By Patrick Hruby
Special to Page 2

News Item: The Anaheim Angels changed their name to the Los Angeles Angels of Anaheim, part of a long-term business plan to boost revenue and expand the club's marketing reach ...

Brilliant. Just brilliant. Everyone knows how well a similarly expansive name has worked for the uber-popular Golden State Warriors. And last we checked, the New York-New Jersey MetroStars were making headway in Pennsylvania.

OK, maybe not.

Still, Angels owner Arte Moreno deserves credit for thinking ahead. Teams can always use more revenue, and so long as the killjoys at Major League Baseball refuse to allow "Spiderman 2" ads on third base, creativity is essential. How else is Moreno supposed to pay for Vlad Guerrero and cut beer prices?

With that in mind, the Page 2 of examines some other potential team name changes:

California Dodgers of Los Angeles
Pros: Beats the Angels at their own grasping game. Moreno wants L.A.? The Dodgers will take the whole state. As Sean Connery put it in "The Untouchables": "They send one of yours to the hospital, you send one of theirs to watch a double feature of 'Medicine Man' and 'League of Extraordinary Gentlemen!'" Or something like that.

Cons: Oakland A's, San Francisco Giants might hopscotch the Warriors and one-up the Dodgers by claiming the entire Pacific Northwest, touching off "End of Days" apocalyptic team naming war.

Verdict: Manchester United of the Planet Earth is only a matter of time. Might as well get in on the ground floor.

The Los Angeles Lakers of "That Guy"
Pros: Truth in advertising. When yet another Laker is run out of town for not giving Kobe Bryant 110 percent -- or privately complaining about Bryant's 8-for-26 shooting nights -- he'll know exactly why. Without naming names, of course. That wouldn't be classy.

Cons: Sure to give Terrell Owens the wrong idea.

Verdict: Bad idea. Everyone already grasps the score. And since when is No. 8 big on truth-telling?

Tokyo Cowboys of Dallas
Pros: Pays homage to the inspiration for Bill "Jap plays" Parcells' playbook skullduggery. Oh, and taps into Japanese love of all things U.S. pop culture, such as blue jeans and Jennifer Love Hewitt albums.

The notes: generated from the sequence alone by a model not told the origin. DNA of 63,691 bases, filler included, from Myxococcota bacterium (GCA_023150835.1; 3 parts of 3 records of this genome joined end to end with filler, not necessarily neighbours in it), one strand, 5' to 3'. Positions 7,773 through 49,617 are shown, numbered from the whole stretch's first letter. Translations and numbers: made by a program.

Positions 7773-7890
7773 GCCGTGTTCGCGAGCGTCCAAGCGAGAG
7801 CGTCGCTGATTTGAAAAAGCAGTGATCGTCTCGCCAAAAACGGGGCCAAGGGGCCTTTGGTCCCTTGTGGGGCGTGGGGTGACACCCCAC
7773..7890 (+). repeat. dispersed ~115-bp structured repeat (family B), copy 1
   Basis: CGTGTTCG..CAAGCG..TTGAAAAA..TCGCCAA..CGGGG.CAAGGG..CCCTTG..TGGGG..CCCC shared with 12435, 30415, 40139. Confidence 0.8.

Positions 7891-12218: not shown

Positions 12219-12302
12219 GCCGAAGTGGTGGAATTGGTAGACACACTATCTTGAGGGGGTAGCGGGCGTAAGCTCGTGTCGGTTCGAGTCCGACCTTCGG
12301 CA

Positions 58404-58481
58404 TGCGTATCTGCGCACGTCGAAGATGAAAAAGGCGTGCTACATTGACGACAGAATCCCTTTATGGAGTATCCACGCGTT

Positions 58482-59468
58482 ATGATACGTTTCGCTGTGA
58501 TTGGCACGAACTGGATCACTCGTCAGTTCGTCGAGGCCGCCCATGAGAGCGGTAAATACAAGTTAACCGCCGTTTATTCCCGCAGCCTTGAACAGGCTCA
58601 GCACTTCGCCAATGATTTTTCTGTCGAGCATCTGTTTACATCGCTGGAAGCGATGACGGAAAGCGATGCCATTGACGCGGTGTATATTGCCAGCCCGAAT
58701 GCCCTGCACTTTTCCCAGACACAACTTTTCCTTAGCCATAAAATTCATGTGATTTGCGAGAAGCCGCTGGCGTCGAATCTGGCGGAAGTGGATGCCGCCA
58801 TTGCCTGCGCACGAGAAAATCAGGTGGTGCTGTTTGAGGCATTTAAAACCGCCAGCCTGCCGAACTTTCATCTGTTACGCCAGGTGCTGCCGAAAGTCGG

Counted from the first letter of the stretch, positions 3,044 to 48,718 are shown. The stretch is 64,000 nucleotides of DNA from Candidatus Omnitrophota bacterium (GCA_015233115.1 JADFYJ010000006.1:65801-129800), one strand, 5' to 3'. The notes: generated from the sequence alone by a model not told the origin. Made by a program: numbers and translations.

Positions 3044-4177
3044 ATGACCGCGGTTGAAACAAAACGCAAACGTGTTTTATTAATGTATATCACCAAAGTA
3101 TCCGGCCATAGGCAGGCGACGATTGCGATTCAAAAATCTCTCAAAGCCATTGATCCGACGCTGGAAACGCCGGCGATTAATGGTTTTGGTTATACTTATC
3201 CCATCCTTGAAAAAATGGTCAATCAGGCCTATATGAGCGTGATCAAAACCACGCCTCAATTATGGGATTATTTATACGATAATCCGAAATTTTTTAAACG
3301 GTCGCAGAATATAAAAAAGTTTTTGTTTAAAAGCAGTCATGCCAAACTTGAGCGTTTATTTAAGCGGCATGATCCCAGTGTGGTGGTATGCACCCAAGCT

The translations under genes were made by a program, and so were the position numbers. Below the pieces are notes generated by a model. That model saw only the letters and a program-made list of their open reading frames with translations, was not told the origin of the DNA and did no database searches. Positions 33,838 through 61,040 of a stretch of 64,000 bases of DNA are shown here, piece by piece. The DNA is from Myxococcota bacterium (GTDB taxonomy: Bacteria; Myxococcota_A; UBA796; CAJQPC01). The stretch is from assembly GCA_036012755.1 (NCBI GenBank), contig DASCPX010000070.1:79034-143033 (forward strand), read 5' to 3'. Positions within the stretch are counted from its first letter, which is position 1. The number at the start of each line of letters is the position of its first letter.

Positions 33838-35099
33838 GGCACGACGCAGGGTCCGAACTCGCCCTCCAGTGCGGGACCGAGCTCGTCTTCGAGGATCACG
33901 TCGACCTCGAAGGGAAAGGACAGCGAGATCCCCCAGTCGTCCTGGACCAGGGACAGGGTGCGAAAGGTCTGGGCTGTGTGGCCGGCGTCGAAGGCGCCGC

Cons: No matter how much you like anime, there's nothing more discordant than a Japanese cowboy; if the Houston Texans adopt the city of Osaka, Steve Spurrier might be tempted to return to pro ball.

Verdict: Uh-uh. Probably the worst East-West mash-up since "The Last Samurai."

Los Angeles Raiders of Oakland/Los Angeles Rams of St. Louis
Pros: Gets the NFL back into the country's second biggest media market, without the messy business of building a new stadium.

Cons: Blackouts or bad football -- local residents get a choice. And all the more reason to spend Sundays at the beach.

Verdict: Go for it. Move sure to produce litigation involving Al Davis, thereby restoring normalcy to our crazy, mixed-up sports world.

Arizona, Texas, Los Angeles, et. al Yankees of New York
Pros: Rapacious Yankees gobble up every other team's best players like a powered-up Pac Man. Why not swipe their fans, too?

Cons: Could provoke federal antitrust investigation.

Verdict: Good idea, so long as Massachusetts is kept off the table.

Los Angeles Kings of Hockey
Pros: Lockout, schmock-out. That Gretzky guy? He played for us.

Cons: In six months, more people will remember the Titans than the NHL.

Verdict: Can't hurt. Gotta get in the public eye somehow.

The Hornets
Pros: Team is 2-27 and on pace for one of the worst seasons of all time. Why drag the good people of New Orleans into this?

Cons: If scheduled-to-visit NBA teams don't think they'll be able to party in the French Quarter, they may not show up at all.

Verdict: Pull the trigger. And get the Saints on board while you're at it.

Baghdad Redskins of Washington
Pros: Remind triumphant, giddy, oblivious Inaugural revelers that there is, in fact, a war going on.

Cons: Iraqi soccer team won't be happy. What else is new?

Verdict: Affirmative. Next time the 'Skins go 5-11, Don Rumsfeld can make a surprise, feel-good visit to Redskins Park, then lecture the team on "going to war with the quarterback you have."

United States National Soccer Team of America
Pros: Hey, striking is an American right, you know.

Cons: ... and so is ignoring futbol.

Verdict: Not a World Cup year? Won't make a difference.

Los Angeles Clippers of Los Angles
Pros: Inform SoCal denizens that the Clippers not only exist, but also play professional basketball. And in the same building as Kobe!

Cons: Antagonize fans on the other side of the region's "Orange Curtain."

Verdict: Better idea -- go with "Los Angeles Clippers of Anaheim," and bring a divided populace together. Mr. Sterling, tear down that wall!

Patrick Hruby is a sportswriter for the Washington Times.